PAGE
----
And so does going into my garden, weeding, mowing the grass etc until a ‘good’ idea floats to the surface, courtesy of the reading and the writing I have done :)

  2. ‘A commitment problem’ – sounds just like me… Why would I rather knit baby socks than work on my thesis? Though my husband suggests it’s all part of being pregnant.
    Jason Downs’ list is good, but I do not think I would be able to complete all things on it… A more practicable goal would be to write and read out to my family those 250 words a day – that would take care of communicating your research to both academic and non-academic public, would not it? (The husband would be the academic part, and the baby – the non-academic :)).

  3. Hi Inger,

    Great post to start the year… very apt. As a new-ish postgraduate student (I just finished a term on my MA), I am finding that my dissertation ideas are being met with some caution by tutors as it is too interdisciplinary – a fashionable word to use but not to put into action, it seems.

    So, I think to help me through this year and to push myself towards a possible PhD after, my word this year will be ‘remember’. Changes in my life in the last few years helped push me towards doing this MA and considering academia, which has been very important and fulfilling to me. If I remember what has been my driving force and where I was at before that, I believe that it will help give me the energy I need to keep ploughing on.

    Jason’s list is good too. Will definitely think about a small achievable daily task list to help me on my way.

    Happy new year and I look forward to another year of advice, stories and info from the Thesis Whisperer!

    Yen

  4. I have been using and to great success both the explicit and hieratic list suggested by Jason, and the keyword concept.

    My “to-do” list is: write for one hour every morning, perform one physical action above and beyond daily living each day, and read for twenty minutes before bed each evening. This keeps me from using research/writing to procrastinate staying healthy and active, which in turn keeps me from feeling sluggish and as though I am sacrificing myself at the altar of academia. It also permits the flexibility I need – “write for one hour each morning” can be drafting, revising, editing, proofing, answering emails, blogging, taking research notes – it’s anything to do with the writing process. The reading is also anything – articles, books, emails, blogs, something purely for fun, etc. I have been much, MUCH more productive both as a reader and writer since doing this.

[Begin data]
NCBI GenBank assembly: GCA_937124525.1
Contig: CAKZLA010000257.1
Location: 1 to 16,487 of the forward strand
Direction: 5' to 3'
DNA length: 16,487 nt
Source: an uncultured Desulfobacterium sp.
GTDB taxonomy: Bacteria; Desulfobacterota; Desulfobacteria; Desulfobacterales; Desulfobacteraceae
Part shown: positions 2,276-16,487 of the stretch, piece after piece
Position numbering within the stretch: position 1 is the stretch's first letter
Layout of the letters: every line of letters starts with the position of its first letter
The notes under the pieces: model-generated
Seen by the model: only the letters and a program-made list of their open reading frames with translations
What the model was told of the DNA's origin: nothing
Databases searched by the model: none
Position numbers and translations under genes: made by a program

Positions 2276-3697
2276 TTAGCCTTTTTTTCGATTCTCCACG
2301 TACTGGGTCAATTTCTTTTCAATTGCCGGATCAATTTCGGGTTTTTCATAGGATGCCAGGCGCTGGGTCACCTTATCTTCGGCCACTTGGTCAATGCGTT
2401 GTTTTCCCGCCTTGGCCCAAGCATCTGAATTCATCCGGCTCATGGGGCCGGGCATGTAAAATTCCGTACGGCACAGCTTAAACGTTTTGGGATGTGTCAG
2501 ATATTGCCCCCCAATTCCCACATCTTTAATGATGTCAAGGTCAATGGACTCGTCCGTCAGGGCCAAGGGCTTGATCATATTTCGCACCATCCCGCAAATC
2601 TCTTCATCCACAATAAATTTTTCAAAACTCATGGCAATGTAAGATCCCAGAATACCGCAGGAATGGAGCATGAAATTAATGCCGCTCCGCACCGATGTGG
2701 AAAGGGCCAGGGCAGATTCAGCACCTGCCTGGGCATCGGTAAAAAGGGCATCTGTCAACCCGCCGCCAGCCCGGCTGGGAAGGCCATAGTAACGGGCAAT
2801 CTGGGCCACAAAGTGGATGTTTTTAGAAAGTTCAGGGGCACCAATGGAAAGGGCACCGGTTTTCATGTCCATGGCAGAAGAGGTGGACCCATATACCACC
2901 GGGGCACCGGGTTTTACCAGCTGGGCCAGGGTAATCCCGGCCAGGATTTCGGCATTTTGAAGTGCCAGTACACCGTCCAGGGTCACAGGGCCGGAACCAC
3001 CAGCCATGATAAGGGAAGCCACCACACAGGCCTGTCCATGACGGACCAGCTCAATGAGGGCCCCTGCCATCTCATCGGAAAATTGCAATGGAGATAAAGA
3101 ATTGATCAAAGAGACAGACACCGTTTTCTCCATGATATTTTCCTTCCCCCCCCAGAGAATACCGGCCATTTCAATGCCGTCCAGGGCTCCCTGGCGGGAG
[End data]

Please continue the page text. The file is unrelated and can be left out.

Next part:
The keyword concept doubles as a spiritual thing for me. I have a list of words – inspiration, intuition, success, creativity, honor, strength, commitment, joy, action, thoughtfulness, mindfulness, energy etc. etc. etc. – there are probably about seventy of them. I type them and print them out and then cut them into slips. I draw one slip from a container each month, and that’s the word that I focus on both as a writer/teacher and as an individual trying to be my best version of Self. There have been many “Wow, I had no idea that was in me” moments both in my writing and daily life from this practice, and I look forward to the new word each month as a min “reset” button for my psyche.

  5. Hi Inger,
    Happy New Year Wishes:). I was thinking yesterday night “why am not getting Thesis Whisperer post” – here you are:)

    After having new year holidays am struggling with coming back to PhD “work” mode:(. I hope after reading the post my little brain get back to work mode.

    Vijay